Install/Migrate DSM 5.2 to 6.0.2

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As most of you know by now Jun was able to find a way to install DSM 6 on non Synology boxes. Here is the thread that I recommend reading. At least make an effort and read the OP: http://xpenology.com/forum/viewtopic.php?f=2&t=20216

Below is what you need for the operation. I will assume you are doing all this under Windows 10, 8, 7 or XP. If you are on a MAC computer have a look at this post I made on how to burning the image to a USB drive and then mounting the USB drive for editing the content. The rest of the tutorial still applies.

If you are currently using DSM 5.1 or below first update to DSM 5.2. If you are doing a fresh install of DSM 6.0 then carry on with the tutorial and omit references to DSM 5.2.
Win32 Disk Imager to make a bootable USB drive;

– A 4GB (or any size really) USB drive (flash drive) to install the loader. Not that this is necessary but use preferably a brand name (Kingston, SanDisk…);

– A way to read your USB drive VID/PID. Here is a how-to >>> VID and PID;

– A good text editor: Notepad++ I really don’t recommend using Windows’s Notepad;

DSM 6.0.2. The file comes straight from Synology servers;

– Jun’s official v1.01 loader (mirror). This is a hybrid UEFI/BIOS loader so it should work in most machines. Loader supports Intel and AMD CPUs;

Extra.lzma ramdisk. This custom ramdisk is optional but I recommend it. I am just providing it for those who are having issues with network detection or unrecognised HDD controllers. This custom ramdisk contains additional modules (drivers) that were mostly taken from Quicknick’s loader. I don’t warranty they all work but I think most do. You will need to replace (or rename, so you can revert) the default extra.lzma ramdisk from Jun’s loader with this one. See change log at the end of the tutorial for additional modules.
– Make sure your drives are plugged in direct succession starting from the 1st SATA port. Usually the first port is described as SATA0 on motherboards. Check with your MB manufacturer for exact nomenclature.

– OSFMount to modify the grub.cfg file within the loader’s image. This is not strictly necessary as Jun has made it possible to configure what needs to be modified via the Grub Boot Menu. I recommend you use OSFMount for now although it adds an extra step. If you prefer using Jun’s new feature simply skip Point 5, read Note 4 instead and pick up at Point 6.

PLEASE READ EVERYTHING PRIOR ATTEMPTING ANYTHING
 

Use this loader at your own risk. I wont be held responsible for any loss of data or black smokes that may result in the use of this loader. Please note that this loader is based on DSM 6.0 Beta 2 branch 7274 and that a limited amount of drivers are included in the loader. If it is fundamental for you to have a NAS operating as quick as possible I recommend you look at the included drivers first at the bottom of this tutorial. If they are not there you will have to compile your own drivers.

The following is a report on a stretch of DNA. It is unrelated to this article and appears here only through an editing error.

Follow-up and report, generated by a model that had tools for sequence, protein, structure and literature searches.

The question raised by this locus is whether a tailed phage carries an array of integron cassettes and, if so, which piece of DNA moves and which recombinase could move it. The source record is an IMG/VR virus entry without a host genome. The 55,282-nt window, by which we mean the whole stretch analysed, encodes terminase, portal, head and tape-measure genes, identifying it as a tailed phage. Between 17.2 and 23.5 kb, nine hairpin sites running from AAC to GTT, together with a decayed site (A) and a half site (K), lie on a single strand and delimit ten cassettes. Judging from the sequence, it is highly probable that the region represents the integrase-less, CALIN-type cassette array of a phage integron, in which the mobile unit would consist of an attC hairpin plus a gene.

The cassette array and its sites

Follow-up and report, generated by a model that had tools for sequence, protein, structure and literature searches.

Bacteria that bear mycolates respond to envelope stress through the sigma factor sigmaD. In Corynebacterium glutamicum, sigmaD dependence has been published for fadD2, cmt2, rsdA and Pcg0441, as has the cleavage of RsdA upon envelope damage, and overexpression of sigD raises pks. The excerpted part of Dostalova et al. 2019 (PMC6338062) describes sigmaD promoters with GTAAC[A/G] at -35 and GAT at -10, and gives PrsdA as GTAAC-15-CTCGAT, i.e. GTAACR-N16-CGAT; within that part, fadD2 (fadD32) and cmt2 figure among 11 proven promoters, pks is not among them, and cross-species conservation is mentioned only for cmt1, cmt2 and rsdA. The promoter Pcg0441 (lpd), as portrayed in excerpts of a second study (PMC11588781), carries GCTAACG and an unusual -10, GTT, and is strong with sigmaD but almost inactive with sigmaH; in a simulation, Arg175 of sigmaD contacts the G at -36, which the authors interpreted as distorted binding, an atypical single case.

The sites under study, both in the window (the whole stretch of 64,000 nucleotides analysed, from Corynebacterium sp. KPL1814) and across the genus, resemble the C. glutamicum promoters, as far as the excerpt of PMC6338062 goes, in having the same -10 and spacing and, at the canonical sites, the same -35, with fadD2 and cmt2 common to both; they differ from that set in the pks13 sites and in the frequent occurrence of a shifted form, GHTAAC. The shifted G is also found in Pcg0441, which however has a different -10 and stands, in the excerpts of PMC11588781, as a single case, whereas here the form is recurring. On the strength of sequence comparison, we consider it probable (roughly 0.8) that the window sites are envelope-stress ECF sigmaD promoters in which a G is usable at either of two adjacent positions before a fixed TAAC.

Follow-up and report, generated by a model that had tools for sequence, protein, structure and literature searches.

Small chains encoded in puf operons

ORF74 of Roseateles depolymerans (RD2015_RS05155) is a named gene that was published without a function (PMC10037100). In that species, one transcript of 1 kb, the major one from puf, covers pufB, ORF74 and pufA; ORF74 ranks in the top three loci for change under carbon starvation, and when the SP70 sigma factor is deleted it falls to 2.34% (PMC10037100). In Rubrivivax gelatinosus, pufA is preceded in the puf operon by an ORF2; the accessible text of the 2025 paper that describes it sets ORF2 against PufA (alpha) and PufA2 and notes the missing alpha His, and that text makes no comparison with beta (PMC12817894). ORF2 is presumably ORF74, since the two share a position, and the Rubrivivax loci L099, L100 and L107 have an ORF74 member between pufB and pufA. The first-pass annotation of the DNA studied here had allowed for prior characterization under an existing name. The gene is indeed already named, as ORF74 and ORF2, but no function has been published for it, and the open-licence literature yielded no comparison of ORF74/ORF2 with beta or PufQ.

One last thing:
DO NOT UPDATE DSM TO VERSIONS 6.0.3, 6.1 or 6.1.1 with loader v1.01.
You have been warned.
Here we go:

1 – BACKUP your data and save your configuration prior any attempts to migrate from DMS 5.2 to DSM 6.0. I can’t stress this enough. JUST DO IT, as Nike likes to say. Also, print this tutorial if you can. It will make your life easier.

2 – Turn off your NAS and unplug the USB drive you are currently using with DSM 5.2. I recommend you put this USB drive aside in case migration to DSM 6.0 doesn’t go as expected and you need to revert to DSM 5.2. It will just make your life easier.

3 – Now go to your workstation/PC, plug a new USB drive (or the old one if you really don’t have any spare USB drives). Use the link I provided earlier to check your USB drive VID/PID. Write down the info somewhere as we will need it later.

4 – Unzip the loader you downloaded earlier. You will end up with a folder containing several files. Since we are installing on bare-metal you will only need the image file “synoboot.img”.

5 – Now launch OSFMount. Select Mount New, then select the image file (i.e. synoboot.img) to open. Now select partition 0 (the one that is 30 MB). Click Ok. Then at the bottom of the window make sure to un-tick the “Read only drive”. Click Ok. The EFI partition of the image file should now be mounted in file explorer.
At this point you can navigate to the /image/DS3615xs directory and replace the extra.lzma ramdisk with the one provided above. When you are done come back to the root directory and go to the /grub directory and edit the grub.cfg file. Below is what you will see in the file.

I am only showing below the portion of the code that is relevant for the purpose of this tutorial

set extra_initrd="extra.lzma"
set info="info.txt"

set vid=0x058f
set pid=0x6387
set sn=C7LWN09761
set mac1=0011322CA785
set rootdev=/dev/md0
set netif_num=1
set extra_args_3615=''

set common_args_3615='syno_hdd_powerup_seq=0 HddHotplug=0 syno_hw_version=DS3615xs vender_format_version=2 console=ttyS0,115200n8 withefi elevator=elevator quiet'

set sata_args='sata_uid=1 sata_pcislot=5 synoboot_satadom=1 DiskIdxMap=0C SataPortMap=1 SasIdxMap=0'

set default='0'
set timeout='1'
set fallback='1'

:!: You want to modify the following: :!:

Change vid=0x090C to vid=0x[your usb drive vid]
Change pid=0x1000 to pid=0x[your usb drive pid]
Change sn=C7LWN09761 to sn=generate your sn here with DS3615xs model
Change mac1=0011322CA785 to mac1=[your NIC MAC address]. You can also add set mac2=[your NIC MAC address #2] and so on until mac4 if you have multiple NICs. However, this is not necessary.
Optional: Change set timeout=’1′ to set timeout=’4′ – This will allow you more time to make a selection in the Grub Boot Menu when it appears.

Once you are done editing the grub.cfg file, save it and close your text editor. Now in OSFMount click on Dismount all & Exit.